Gibbons Denies Whistleblower Involvement

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Republican gubernatorial nominee Jim Gibbons is denying involvement in an attempt to silence a former mine manager who won a federal whistleblower case after speaking about conditions at a contaminated mine site.
"I don't even know this individual. I've never met him. I've
never talked to him. I've never talked to anyone about him,"
Gibbons said Wednesday. "This is an empty political charge by the
The five-term congressman and mining industry ally was attacked
this week by Democrats citing the dismissal of Earle Dixon, former
site manager of the abandoned Anaconda copper mine near Yerington.
A federal administrative law judge ruled last week that Dixon
was fired illegally for speaking about the dangers of uranium,
arsenic and other toxic materials at the site about 65 miles
southeast of Reno.
"Gibbons had the chance to do the right thing when dangers at
the mine were being exposed," Kirsten Searer, spokeswoman for the
Nevada Democratic Party, said in a statement. "Instead, he chose
to use his position to protect his cronies and himself."
In a Sept. 9, 2004 letter, Gibbons urged the Bureau of Land
Management to shift oversight of the former mine site from Carson
City to the Nevada State Office in Reno. A month later, Dixon was
fired. Gibbons' letter was cited in an internal human resources
memo explaining reasons for the dismissal.
Gibbons said he had nothing to do with Dixon's firing. He said
he wrote the letter to push for a reorganization to keep the mine
from being designated a federal Environmental Protection Agency
priority Superfund cleanup site.
Gibbons said he believed Superfund designation would stigmatize
Yerington and hurt the local economy.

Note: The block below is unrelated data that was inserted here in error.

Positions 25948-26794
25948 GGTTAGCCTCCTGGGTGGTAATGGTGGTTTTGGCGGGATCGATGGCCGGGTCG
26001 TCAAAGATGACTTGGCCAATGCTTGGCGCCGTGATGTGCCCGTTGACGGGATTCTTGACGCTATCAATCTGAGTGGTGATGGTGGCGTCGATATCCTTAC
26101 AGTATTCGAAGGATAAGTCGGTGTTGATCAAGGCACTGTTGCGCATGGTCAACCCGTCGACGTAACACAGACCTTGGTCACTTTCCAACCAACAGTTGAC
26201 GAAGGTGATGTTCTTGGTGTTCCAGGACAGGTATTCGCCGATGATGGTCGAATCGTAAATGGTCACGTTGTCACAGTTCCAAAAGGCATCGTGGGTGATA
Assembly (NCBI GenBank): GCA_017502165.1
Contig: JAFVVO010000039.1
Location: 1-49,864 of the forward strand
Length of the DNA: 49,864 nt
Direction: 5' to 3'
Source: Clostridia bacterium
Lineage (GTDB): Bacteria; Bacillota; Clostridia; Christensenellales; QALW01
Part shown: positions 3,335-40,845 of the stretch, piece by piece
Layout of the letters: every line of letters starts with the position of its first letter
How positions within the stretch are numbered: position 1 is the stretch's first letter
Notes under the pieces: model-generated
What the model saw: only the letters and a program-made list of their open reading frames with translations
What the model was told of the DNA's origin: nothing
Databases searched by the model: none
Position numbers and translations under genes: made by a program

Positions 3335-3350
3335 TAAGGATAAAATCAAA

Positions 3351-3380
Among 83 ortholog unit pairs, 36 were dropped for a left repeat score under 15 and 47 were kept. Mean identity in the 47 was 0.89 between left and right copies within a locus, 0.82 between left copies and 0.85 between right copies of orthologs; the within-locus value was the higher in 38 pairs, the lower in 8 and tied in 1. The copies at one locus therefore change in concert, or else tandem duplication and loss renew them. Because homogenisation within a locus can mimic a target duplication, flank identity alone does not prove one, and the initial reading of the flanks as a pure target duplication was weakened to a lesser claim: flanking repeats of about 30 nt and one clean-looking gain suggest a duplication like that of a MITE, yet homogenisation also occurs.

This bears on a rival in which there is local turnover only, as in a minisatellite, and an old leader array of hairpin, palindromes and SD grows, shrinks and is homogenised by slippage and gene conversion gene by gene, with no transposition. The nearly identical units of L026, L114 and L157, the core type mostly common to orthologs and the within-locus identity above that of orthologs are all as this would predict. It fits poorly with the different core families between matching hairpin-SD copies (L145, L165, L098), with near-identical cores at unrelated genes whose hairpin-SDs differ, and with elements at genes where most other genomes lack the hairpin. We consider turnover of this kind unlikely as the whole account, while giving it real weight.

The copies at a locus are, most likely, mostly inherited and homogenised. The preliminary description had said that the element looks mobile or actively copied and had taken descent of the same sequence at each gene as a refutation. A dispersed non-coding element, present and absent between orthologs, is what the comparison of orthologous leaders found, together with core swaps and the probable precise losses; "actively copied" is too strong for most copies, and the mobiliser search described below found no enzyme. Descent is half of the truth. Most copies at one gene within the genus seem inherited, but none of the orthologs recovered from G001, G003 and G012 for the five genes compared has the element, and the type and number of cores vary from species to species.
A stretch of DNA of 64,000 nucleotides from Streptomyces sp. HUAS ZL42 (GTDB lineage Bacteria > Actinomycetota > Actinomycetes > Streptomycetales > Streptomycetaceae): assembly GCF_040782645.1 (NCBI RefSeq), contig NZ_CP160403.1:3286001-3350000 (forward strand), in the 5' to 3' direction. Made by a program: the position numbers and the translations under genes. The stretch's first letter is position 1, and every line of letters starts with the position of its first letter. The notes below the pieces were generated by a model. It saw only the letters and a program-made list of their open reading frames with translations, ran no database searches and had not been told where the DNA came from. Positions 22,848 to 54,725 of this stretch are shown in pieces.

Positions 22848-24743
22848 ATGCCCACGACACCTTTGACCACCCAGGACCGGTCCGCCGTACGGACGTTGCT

"At that point in time, it was my view that the state's
involvement was the best way to find a solution to the problem,"
he said. "My letter simply said the site should have unified
management. I thought that the three agencies could do best under
Nevada leadership and that (then-BLM Nevada Director) Bob Abbey's
leadership was best for the problem. It was about jurisdiction, not
about personnel."
The letter was written after Dixon began aggressively pursuing
measurement of uranium radiation on the site.
At the time, the Nevada Department of Environmental Protection
was the lead agency with BLM and the EPA to get the former mine
site cleaned up. The site is owned by Atlantic Richfield Co., a
subsidiary of energy giant British Petroleum.
Since Dixon's departure, the EPA has been heading the cleanup.
But no official Superfund designation has been made.
Gibbons has accepted more than $4,000 in donations from Atlantic
Richfield during his nearly two decades in politics. He said
Wednesday his advocacy was related only to his feelings about state
and federal control.
"I'm a firm believer today that the state of Nevada is far
better to handle that," he said. "But whenever you leave it to
the federal government, you're going to end up with delays and
problems that are characteristic of the government bureaucracy in
Washington, D.C. You've got to try to keep the federal government
out of it."
Gibbons is vying for governor against Democratic state Sen. Dina